Reading Groups’ Guide
Book group questions for ‘The House at Tyneford’/ ‘The Novel in the Viola’
Elise points out how different Kit is from other boys she knows. What is your first impression of Kit? Are you drawn to him? How would you describe his relationship with his father, Mr. Rivers?
A confrontation with Diana inspires Elise to shock the partygoers during Kit’s birthday. What was your reaction to this moment? How did it affect Kit and Elise’s relationship? How did it change the way Mr. Rivers and the staff at Tyneford saw Elise?
What sacrifices does Mr. Rivers make to help Elise and her family? What did this tell you about Mr. Rivers? How would you describe his feelings toward Elise as the novel progresses?
Kit and Elise’s romance stirs up a great deal of emotion in and around Tyneford. What is your opinion of how Mr. Rivers receives the news of Kit’s love for Elise? What social and class challenges do you feel Kit and Elise faced?
What was your opinion of Kit’s decision regarding his involvement in the war? What do you feel motivated him in this decision? How did his relationships with Elise and his father affect his decision?
What happens to Kit? How does this affect Elise and Mr. Rivers? How does it affect the relationship between them?
The danger of war comes home when Elise spots a German fighter flying near Tyneford. What is significant about this event? What do you gather about Elise’s character from her reaction to this moment?
What does Elise discover about the novel Julian hid in the viola? What did you make of this turn of events? What impact does it have on Elise? What piece of work does the novel inspire and what significance does it have for Elise in the end?
What is your opinion of where Mr. Rivers and Elise’s relationship ends up? As you see it, what events led to Tyneford’s fate? What significance did Tyneford have to Elise, Kit, and Mr. Rivers? Can a place like Tyneford exist in today’s world?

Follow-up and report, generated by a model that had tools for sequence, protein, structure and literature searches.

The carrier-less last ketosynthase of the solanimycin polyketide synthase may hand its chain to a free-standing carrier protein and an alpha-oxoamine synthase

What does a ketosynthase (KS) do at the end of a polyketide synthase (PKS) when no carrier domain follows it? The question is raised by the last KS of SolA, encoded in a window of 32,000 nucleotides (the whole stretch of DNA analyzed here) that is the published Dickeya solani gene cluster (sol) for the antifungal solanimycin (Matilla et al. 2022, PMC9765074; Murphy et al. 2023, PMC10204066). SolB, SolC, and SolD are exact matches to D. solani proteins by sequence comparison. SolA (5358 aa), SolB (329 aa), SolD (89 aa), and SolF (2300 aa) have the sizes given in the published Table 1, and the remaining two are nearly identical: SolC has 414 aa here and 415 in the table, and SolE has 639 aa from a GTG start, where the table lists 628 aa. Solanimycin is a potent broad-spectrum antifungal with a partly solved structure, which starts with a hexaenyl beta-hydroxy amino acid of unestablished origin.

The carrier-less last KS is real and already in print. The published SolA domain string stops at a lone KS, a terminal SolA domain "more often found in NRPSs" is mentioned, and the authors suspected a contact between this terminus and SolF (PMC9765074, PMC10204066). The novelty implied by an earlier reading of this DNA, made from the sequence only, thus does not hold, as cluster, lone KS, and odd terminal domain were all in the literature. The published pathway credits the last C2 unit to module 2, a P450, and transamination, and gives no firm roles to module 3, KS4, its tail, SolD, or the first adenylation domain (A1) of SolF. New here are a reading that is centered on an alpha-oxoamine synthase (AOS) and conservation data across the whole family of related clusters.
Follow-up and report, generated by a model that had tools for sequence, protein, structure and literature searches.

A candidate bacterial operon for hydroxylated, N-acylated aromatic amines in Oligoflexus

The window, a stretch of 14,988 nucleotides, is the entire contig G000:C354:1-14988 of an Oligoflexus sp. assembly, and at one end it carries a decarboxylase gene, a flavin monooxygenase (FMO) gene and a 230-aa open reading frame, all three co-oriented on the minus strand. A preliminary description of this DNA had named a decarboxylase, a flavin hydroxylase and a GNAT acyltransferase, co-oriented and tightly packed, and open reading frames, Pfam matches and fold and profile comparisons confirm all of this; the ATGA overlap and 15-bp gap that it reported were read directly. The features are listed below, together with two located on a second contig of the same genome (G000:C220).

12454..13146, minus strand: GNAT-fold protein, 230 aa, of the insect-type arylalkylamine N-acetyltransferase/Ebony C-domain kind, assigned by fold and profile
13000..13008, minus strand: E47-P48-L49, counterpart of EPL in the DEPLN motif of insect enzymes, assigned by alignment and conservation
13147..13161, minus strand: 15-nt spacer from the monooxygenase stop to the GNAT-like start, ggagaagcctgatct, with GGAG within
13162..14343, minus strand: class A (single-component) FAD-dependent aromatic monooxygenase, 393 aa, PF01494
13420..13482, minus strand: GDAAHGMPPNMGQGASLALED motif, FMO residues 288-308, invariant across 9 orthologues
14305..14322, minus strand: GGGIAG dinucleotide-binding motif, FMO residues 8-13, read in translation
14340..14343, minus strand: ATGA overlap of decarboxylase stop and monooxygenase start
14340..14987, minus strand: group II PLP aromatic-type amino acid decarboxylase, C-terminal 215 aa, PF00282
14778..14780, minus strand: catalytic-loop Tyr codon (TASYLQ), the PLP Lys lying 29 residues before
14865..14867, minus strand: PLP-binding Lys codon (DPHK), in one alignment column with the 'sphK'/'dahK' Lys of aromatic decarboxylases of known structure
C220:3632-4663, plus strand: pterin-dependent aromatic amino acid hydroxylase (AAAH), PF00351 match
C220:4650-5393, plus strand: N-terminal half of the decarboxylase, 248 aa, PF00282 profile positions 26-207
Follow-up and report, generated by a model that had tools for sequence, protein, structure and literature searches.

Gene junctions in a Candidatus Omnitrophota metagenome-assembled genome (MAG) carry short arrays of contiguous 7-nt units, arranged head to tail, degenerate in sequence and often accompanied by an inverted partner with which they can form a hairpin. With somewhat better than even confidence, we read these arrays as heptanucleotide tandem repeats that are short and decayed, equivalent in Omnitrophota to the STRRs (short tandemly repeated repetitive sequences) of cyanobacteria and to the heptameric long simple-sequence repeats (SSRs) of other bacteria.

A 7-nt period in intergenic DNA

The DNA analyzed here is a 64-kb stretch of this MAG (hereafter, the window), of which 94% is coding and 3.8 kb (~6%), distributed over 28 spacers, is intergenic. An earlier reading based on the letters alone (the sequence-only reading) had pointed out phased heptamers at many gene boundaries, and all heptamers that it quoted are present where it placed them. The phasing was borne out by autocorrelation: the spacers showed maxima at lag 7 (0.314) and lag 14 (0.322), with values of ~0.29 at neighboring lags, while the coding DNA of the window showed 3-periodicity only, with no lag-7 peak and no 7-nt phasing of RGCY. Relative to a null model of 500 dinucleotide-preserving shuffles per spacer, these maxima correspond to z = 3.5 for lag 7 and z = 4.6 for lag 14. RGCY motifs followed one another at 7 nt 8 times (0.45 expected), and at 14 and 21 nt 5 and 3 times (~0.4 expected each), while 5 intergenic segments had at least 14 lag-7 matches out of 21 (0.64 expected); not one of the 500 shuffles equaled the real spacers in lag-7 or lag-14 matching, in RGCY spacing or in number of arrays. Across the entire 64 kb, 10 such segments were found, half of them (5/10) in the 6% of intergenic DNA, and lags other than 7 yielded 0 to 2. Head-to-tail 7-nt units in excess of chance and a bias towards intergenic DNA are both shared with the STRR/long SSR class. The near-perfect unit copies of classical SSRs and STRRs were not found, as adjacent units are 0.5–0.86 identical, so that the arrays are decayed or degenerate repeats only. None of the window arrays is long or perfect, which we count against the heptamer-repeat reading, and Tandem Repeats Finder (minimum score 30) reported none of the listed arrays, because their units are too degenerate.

Why do you think the novel in the viola blank?
The novel contains a concerto, and the viola contains a novel. What is the significance of music in the novel?
Book group questions for ‘Mr Rosenblum’s List’/ ‘Mr Rosenblum Dreams in English’
‘Mr Rosenblum’s List’ explores the real split between the need to adopt the host country’s customs while not losing one’s own heritage, and an ambivalence about wanting children to blend in but turning them into strangers in the process. Do you think these tensions can ever be reconciled?
Names are significant indicators of heritage in the novel, and signify who belongs and who doesn’t. Do you think it is important to preserve what Jack calls the ‘chain’ of names?
Could a Helpful Information booklet such as the one Jack uses, ever be of any use? What items would you put on a modern list?
The novel mingles folklore and Jewish tradition. What do you think the woolly-pig symbolises?
Sadie bakes obsessively to remember her family. Does this help her overcome her grief, or does it paralyse her further?
Jack’s obsession leads him to neglect his wife and their relationship is often strained and distant. Yet, when he nearly loses her, he regrets his behaviour and tries to make amends. Does Sadie forgive him? Can you?
What makes Jack ‘a true Englishman’?
There is an undercurrent of anti-Semitism in the book, exemplified in the character of Sir William Waegbert. Why does Sir William despise Jack so much? Is it just because Jack is a Jew, or is it also that he is upwardly socially mobile and a threat to Sir William’s ‘old England’?
The landscape of Dorset becomes a conduit for Jack and Sadie. After years of growing apart, they connect once again through a mutual love of the countryside. It reminds Sadie of her idyllic childhood in Bavaria and she is able to recall happy memories of her family, but why do you think that Jack falls in love with the landscape? Why do the countryside rhythms comfort them both?